Also, people tend to be different with regard to their acid/alkaline balance and what their bodies can tolerate. Over-acidifying or alkalinizing, or taking in too many electrolytes, can actually be harmful. So, at one point or another, I've approved any / all of these with either my doctors or nutritionist, and we've determined how much of any of these I can personally handle (they want me alternating every single electrolyte drink with 16 oz plain water). So I'd recommend talking to your doctor(s) if you have questions about whether these are OK for you.

Recipe 1: (recommended by my POTS nutritionist)

- A few stalks of celery (added for hydration and fiber content - the fiber actually helps the body absorb and retain fluids and electrolytes more evenly and slowly)

- 6 oz lemon juice

- 6-8 oz Smart Water or plain water

- 1/4 tsp Sea salt

Mix all of the above together in a really good blender (should blend the celery down to a juice with a little pulp left). You want it to make about 16 oz of liquid. The original recipe called for ONLY lemon juice, with no water or anything. I found that much lemon juice was too acidic for me personally, although for some people, the citric acid from the lemons is actually alkalinizing, so it varies.

I have also substituted coconut water, orange juice, electrolyte mix, and various other things for lemon juice, and that works just as well.

Recipe 2: Homemade Pedialyte: (I think this one came from a paleo book that my PCP lent me?):

- 8 oz apple juice

- 32 oz water

- 1/2 tsp sea salt

- 1/2 tsp LoSalt (for the potassium content)

- 1 tbsp honey

Recipe 3: This one, to my knowledge, is essentially the one used by the WHO:

- 32 oz water

- 2 tablespoons sugar, honey, or molasses

- 1/2 teaspoon salt

- Add 4 oz of juice if needed for taste (orange, lemon, lime are best due to nutrients in citrus)

*To reduce sugar content, you can also do half plain water and half rice water; rice water contains starch that can metabolize into sugar, so you could cut the sugar content by half if you do that. Or, you could substitute some rice cereal (ground up), the kind given to babies, instead of sugar.

Recipe 4:

- 24 oz water

- 4 oz lemon juice

- 1 tbsp lime juice

- ½ tsp sea salt

- ¼ tsp baking soda

- ¼ cup honey

Recipe 5: Hydration Shake (this was recommended to me years ago as an athlete, so I can’t remember exactly where I got this one).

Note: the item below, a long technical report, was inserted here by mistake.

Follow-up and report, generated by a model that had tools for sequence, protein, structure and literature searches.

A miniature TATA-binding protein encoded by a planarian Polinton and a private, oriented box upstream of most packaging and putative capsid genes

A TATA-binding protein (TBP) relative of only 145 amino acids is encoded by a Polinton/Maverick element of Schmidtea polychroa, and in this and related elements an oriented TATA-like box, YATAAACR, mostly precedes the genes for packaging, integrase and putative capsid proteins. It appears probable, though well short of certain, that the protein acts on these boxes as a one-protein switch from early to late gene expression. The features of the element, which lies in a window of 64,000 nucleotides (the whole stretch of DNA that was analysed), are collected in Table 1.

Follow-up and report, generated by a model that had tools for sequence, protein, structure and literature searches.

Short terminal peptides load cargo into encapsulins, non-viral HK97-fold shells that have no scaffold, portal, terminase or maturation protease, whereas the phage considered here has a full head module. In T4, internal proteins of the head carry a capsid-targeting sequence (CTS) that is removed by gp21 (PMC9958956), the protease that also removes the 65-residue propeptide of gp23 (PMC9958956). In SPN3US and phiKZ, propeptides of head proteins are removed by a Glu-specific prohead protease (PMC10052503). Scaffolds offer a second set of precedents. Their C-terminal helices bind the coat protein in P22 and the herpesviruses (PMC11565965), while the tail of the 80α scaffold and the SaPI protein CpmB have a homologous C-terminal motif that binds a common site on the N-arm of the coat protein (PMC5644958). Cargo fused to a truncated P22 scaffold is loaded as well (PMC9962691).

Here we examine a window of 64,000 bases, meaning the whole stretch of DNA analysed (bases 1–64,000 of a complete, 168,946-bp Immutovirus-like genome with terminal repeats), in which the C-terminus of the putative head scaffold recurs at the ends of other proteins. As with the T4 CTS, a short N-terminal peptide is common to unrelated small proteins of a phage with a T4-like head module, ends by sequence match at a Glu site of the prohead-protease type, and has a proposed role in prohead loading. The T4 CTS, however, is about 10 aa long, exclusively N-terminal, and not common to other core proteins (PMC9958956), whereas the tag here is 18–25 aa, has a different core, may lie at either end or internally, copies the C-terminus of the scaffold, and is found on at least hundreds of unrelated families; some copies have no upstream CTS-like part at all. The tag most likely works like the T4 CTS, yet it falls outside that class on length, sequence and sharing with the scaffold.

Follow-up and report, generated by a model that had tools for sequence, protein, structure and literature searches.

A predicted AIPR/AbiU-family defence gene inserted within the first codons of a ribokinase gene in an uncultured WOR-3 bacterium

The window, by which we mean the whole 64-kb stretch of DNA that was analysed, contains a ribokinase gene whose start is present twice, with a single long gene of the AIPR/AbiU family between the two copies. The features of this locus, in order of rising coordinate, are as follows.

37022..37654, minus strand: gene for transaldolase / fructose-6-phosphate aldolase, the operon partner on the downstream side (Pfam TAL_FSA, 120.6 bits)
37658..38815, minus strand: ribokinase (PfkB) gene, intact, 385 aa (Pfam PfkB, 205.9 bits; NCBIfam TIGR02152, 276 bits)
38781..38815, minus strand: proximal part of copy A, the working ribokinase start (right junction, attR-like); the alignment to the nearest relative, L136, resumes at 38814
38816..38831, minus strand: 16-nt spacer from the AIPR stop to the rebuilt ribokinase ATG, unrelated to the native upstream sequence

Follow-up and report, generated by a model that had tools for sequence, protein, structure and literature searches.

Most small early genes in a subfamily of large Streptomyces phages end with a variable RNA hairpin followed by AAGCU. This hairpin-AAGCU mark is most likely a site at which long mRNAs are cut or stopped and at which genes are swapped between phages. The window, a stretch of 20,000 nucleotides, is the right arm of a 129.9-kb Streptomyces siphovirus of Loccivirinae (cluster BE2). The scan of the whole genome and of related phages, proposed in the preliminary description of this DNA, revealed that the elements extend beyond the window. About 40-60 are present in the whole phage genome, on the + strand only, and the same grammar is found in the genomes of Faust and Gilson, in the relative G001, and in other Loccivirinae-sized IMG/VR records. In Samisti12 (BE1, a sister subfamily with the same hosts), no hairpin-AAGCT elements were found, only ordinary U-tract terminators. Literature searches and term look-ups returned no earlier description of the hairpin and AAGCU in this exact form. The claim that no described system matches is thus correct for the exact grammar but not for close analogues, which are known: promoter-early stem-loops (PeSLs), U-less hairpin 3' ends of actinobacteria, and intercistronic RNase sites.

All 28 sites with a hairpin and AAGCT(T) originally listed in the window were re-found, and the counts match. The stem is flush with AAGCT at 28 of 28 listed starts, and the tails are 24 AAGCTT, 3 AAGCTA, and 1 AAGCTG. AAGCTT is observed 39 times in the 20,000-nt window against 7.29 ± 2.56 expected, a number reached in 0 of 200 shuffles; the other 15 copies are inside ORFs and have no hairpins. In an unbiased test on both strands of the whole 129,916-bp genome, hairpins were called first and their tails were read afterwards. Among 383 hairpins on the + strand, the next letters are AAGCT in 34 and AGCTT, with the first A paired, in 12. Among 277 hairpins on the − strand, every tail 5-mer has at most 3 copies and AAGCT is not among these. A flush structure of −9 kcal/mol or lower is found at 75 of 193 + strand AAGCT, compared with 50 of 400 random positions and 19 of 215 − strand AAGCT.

- 6-8 oz kefir (dairy has actually been proven to be hydrating, used by some as a sports drink, and I choose kefir due to the added probiotics for digestive health). You could also use Smart Water, plain water, ice cubes, etc.

- 1/2 to 1 whole avocado (depending on size) - contains electrolytes

- 1/2 to 1 whole banana (for electrolytes, like potassium)

- Berries (any kind, enough for taste)

- 1/2 to 1 whole cucumber (they're hydrating as well)

- 1/4 tsp sea salt

I seem to absorb / retain fluids better when I have electrolyte sources from whole foods in my diet, and I have an issue with weight loss, so this shake works really well for me. I have at least one a day, and definitely notice a difference when I don't have it.

Also, in my previous post, I forgot to mention two more electrolyte drinks that I absolutely have loved in the past:

- Recharge (can get this from a natural food store usually - it's basically gatorade made with juices instead of sugar and flavorings)

- HoneyMaxx (have to order this one online, I believe)

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Thank you Ks42 for all your ideas.

I cannot tolerate most commercial products like pedalite/gatorade --they make me nauseous or more nauseous than I am already

but I have hope that some of these ideas might work for something other than the super-expensive smartwater I've only been able to handle.

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When I ordered my Skratch Labs drink mix the other day, I decided to branch out and try a new flavor....apples and cinnamon. I received it today and was surprised to find out it is meant to be drunk as a hot beverage! A new twist on electrolyte drinks for winter! It tastes pretty good too!